Our Authoritative Treatise Upon Coticules
Far and away my favorite hone, Belgian coticules are communicative, repellent of metal, given to wear rather level (unlike waterstones), fast enough for most razor-related maintenance, and not terribly difficult to learn. They do require practice, and they rarely yield near-instant ~excellent results(as does any Japanese-type waterstone system). They're inappropriate for repairing neglected razors, and (though technically capable of the task) outclassed by ~600-2000 grit waterstones/diamond hones in bevel-setting. Bottom line, though: for refining/maintaining undamaged shavers, they're awesome....what other hone takes you from dulled to shaving condition in 30 minutes? There's good reason folks are cuckoo for Cocoa Puffs for these rocks.
Coticules transcend hype and flavor-of-the-month inertia. Choosing to "live the straight razor life" is much about placing equal value on processes themselves versus merely results. The coticule's visceral, dynamic, and rewarding process, according to many not behind this keyboard, is not duplicated by man made efforts. When the day arrives there's not enough newly-mined supply for us to distribute (there'll always be some trading hands on auction sites), I'll still believe (to obvious detriment of future inventory) that many who truly understand their coti won't choose something else by preference.
Japanese natural stones give a similarly-rewarding process as do coticules, and are in this opinion routinely keener. But they also produce an edge I'd equate a little closer with hyper-sharp artificial stones; entirely devoid of 'skin friction' beyond any coticule I've felt I've mastered (including the preferred "office pig" which has now seen >3000 blades, nothing more I can learn from it), but more capable of slicing away microscopic variances in skin topography. Coticules specialize in an edge that, while not as pretty as from waterstones or as keen as from stropping on diamond sprays/plastic sheets, "cuts hair but not skin". For that relaxed position, I feel that one must accept a higher friction coefficient (read; A DULLER BLADE) and the accompanying reduction in capacity to sever-remember, hair follicles (but not all SKIN) want ever-sharper edges, and if too dull for your follicle you'll get redness at the root of each follicle. Too intense an exfoliation of skin, however, will also give an uncomfy post-shave redness for an entirely different reason, and thus we aim to balance the two (and I pity those poor souls with barbed-wire follicles surrounded by the tenderest of skin). Coticules aren't magic; measuring the average deviation of the striations upon the bevel planes and of the line that represents their intersection (aka the 'edge'), they're summarily outclassed by many honing options! But the coti, any coti I've tried for that matter, can get the edge down to below 1 micron, which isn't bad, and that edge will behave as trustworthy and familiar as an old pair of jeans, with a comparatively enormous variance in what you must do to cut yourself or cut the hairs. Does this mean you'll never wish to chase more keenness beyond coticules' capacities? "No" is the answer for many, as everyone's need for keenness to cut their hairs cleanly but without exfoliating too intensely is different (please explain this concept to the "no such thing as too sharp a blade" crowd the next time you have their unbiased ear). I tend to think those with the worst beards combined with durable skin are better off with solutions produced by man, though many of them do find cotis sharp enough to shave very well, and those with average beards and any level of skin are almost universally going to enjoy a coticule.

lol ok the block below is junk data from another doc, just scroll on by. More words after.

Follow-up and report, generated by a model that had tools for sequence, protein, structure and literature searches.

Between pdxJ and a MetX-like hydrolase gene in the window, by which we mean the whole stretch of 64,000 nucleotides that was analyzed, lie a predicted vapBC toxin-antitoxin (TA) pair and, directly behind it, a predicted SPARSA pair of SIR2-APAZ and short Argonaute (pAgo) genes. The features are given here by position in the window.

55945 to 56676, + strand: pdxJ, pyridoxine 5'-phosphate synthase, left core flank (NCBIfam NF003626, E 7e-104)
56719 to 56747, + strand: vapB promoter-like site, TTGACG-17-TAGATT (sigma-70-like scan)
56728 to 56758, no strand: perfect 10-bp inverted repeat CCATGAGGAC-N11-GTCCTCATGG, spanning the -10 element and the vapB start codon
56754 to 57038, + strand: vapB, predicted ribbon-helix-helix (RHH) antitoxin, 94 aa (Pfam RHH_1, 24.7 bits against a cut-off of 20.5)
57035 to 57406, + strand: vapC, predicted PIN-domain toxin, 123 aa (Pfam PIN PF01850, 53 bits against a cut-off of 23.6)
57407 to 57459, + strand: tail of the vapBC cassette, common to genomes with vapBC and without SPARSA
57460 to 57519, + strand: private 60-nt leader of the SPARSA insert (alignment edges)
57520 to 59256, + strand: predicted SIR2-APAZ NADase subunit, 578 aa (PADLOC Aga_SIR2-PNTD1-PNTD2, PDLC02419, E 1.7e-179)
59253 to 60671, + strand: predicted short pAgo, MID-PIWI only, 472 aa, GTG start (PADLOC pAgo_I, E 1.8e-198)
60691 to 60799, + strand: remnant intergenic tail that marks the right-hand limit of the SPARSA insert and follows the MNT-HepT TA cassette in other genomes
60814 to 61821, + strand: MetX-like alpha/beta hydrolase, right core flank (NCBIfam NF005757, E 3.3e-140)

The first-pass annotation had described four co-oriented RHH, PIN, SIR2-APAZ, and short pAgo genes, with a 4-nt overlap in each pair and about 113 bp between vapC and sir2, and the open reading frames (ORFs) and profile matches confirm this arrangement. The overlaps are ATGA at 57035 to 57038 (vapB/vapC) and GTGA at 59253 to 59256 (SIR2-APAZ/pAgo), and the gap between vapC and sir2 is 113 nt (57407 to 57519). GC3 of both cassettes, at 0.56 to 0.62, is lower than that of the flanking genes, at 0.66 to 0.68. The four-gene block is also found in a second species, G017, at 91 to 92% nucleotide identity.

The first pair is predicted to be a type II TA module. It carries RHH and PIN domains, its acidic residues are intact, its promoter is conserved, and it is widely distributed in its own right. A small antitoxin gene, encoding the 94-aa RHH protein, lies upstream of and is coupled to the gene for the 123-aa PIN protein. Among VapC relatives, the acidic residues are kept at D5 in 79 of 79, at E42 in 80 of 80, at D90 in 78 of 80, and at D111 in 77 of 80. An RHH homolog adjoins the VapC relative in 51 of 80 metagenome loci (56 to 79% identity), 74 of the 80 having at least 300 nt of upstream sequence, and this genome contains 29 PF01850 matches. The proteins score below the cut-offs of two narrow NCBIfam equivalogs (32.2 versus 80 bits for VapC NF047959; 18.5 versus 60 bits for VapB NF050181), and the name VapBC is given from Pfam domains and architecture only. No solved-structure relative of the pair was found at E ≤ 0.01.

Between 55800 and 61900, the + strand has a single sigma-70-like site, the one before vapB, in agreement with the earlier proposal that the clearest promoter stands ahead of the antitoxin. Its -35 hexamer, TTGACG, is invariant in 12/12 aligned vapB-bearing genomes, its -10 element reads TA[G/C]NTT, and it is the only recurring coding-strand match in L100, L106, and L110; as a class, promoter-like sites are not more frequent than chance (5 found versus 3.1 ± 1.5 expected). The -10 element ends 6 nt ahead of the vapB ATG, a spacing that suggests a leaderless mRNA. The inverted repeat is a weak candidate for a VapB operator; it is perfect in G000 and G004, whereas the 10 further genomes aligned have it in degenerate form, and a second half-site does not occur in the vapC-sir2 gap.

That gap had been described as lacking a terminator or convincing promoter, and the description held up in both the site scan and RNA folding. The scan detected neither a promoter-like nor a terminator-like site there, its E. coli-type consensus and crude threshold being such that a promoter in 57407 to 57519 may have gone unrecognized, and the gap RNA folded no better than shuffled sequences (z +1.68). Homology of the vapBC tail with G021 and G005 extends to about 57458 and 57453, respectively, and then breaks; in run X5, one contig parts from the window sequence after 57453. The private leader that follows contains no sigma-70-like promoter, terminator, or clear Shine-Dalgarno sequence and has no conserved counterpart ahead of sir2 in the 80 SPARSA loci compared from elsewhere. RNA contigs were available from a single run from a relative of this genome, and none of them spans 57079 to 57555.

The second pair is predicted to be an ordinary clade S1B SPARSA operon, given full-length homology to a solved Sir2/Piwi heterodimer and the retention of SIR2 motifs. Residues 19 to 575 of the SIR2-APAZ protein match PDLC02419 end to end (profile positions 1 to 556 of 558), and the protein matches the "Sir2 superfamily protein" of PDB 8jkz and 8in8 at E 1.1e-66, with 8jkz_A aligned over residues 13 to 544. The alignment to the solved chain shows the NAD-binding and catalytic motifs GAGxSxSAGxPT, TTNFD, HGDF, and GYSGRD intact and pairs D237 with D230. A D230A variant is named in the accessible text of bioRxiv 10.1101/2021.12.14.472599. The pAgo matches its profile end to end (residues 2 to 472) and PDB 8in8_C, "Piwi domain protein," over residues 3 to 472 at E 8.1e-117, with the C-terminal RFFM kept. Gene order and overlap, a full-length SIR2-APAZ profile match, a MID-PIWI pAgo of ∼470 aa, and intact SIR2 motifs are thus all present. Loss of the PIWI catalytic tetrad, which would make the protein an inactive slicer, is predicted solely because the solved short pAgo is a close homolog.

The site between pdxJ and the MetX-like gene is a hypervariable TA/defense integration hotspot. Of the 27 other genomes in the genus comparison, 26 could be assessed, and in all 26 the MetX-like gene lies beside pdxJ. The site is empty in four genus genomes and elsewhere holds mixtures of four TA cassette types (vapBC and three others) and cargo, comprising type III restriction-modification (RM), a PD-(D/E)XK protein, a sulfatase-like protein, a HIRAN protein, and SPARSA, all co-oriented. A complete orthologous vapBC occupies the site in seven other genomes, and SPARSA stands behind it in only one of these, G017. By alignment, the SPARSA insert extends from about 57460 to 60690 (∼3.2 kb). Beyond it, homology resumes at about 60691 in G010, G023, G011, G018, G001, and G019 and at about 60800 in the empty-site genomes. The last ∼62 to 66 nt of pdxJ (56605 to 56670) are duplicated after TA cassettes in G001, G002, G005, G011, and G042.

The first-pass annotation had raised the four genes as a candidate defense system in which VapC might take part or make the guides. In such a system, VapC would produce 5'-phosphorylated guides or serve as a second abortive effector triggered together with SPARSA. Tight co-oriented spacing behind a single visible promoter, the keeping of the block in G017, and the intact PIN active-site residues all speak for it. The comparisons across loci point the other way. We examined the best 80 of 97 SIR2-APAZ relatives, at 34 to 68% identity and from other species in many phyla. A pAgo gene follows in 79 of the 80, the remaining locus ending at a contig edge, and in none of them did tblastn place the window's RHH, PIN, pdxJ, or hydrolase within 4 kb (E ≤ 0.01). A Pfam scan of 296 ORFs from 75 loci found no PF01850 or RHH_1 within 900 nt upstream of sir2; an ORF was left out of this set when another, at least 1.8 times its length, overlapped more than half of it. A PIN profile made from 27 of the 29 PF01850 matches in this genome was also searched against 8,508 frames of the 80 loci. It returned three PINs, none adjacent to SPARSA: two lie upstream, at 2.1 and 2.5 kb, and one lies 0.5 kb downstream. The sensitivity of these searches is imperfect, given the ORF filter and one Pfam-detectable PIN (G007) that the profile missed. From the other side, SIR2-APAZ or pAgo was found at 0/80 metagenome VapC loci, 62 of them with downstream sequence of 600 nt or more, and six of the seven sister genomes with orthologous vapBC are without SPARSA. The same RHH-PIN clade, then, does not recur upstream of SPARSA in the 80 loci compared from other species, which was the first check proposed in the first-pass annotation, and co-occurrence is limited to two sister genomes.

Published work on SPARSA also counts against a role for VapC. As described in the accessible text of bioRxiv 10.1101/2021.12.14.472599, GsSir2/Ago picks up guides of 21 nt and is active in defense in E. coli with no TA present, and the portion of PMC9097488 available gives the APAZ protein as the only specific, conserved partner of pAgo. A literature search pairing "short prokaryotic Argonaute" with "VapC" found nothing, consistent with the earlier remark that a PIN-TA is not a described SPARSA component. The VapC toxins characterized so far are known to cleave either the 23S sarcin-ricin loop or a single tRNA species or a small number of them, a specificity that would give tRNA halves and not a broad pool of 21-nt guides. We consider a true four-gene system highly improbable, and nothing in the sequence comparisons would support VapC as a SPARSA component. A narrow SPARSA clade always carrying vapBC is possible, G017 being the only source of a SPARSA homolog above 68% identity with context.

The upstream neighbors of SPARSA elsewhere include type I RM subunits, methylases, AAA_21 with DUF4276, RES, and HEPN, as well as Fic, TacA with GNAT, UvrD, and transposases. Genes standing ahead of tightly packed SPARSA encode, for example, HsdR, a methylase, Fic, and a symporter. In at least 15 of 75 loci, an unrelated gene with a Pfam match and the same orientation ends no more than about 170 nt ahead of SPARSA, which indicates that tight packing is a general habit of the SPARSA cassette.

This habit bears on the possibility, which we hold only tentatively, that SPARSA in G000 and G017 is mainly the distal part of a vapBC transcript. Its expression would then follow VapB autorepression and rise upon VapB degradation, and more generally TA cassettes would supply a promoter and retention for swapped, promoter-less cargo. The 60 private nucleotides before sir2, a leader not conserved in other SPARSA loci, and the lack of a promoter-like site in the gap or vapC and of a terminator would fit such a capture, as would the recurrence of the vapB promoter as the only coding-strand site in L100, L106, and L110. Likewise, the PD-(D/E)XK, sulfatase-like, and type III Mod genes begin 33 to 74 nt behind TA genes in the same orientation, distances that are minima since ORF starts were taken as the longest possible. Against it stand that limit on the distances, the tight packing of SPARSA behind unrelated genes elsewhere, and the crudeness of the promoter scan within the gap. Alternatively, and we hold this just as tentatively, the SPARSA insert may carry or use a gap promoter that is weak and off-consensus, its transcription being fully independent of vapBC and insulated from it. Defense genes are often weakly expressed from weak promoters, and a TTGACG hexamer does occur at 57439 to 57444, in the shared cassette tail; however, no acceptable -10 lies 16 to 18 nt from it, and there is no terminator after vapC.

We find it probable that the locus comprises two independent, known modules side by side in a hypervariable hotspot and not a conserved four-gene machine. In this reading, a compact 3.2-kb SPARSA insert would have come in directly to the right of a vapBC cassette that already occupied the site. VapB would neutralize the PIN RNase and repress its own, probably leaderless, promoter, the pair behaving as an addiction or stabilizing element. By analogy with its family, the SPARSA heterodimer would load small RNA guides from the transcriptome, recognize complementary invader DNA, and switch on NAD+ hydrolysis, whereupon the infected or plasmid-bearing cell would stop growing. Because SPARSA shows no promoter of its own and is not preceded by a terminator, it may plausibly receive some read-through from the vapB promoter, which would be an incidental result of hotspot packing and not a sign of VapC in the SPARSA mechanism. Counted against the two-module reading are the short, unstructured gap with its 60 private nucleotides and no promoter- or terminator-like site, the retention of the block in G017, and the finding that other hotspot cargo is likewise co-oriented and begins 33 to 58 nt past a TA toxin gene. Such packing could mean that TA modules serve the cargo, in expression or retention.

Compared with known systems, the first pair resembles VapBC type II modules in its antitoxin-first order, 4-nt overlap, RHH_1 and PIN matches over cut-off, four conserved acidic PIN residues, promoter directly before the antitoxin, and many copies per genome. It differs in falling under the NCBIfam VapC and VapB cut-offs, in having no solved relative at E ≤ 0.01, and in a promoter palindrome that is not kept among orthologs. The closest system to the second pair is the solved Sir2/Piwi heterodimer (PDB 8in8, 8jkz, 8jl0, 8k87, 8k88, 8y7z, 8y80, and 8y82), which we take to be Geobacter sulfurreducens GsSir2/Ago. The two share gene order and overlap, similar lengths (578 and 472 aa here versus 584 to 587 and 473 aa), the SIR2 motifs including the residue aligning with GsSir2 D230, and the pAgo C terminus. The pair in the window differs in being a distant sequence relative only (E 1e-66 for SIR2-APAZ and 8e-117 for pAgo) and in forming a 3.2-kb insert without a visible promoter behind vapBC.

I consider worrying about official "grit ratings" with coticules a waste of my time. At their coarsest use, coticules correct edge shapes...at their finest, coticules refine to comfortable-for-shaving-for-many condition. Grit rating systems are based upon the average largest size of the particles doing the steel cutting; a 400-grit waterstone has a whole bunch of large size steel cutters, a 10000-grit tiny ones. Coticules, conversely, have particles that never change in their average size-and their size isn't even particularly small! The edge those larger cutters leave, however, varies dramatically by how the stone is used. Unsolicited advice sure to be ignored; quit worrying about a stupid number and just hone and shave.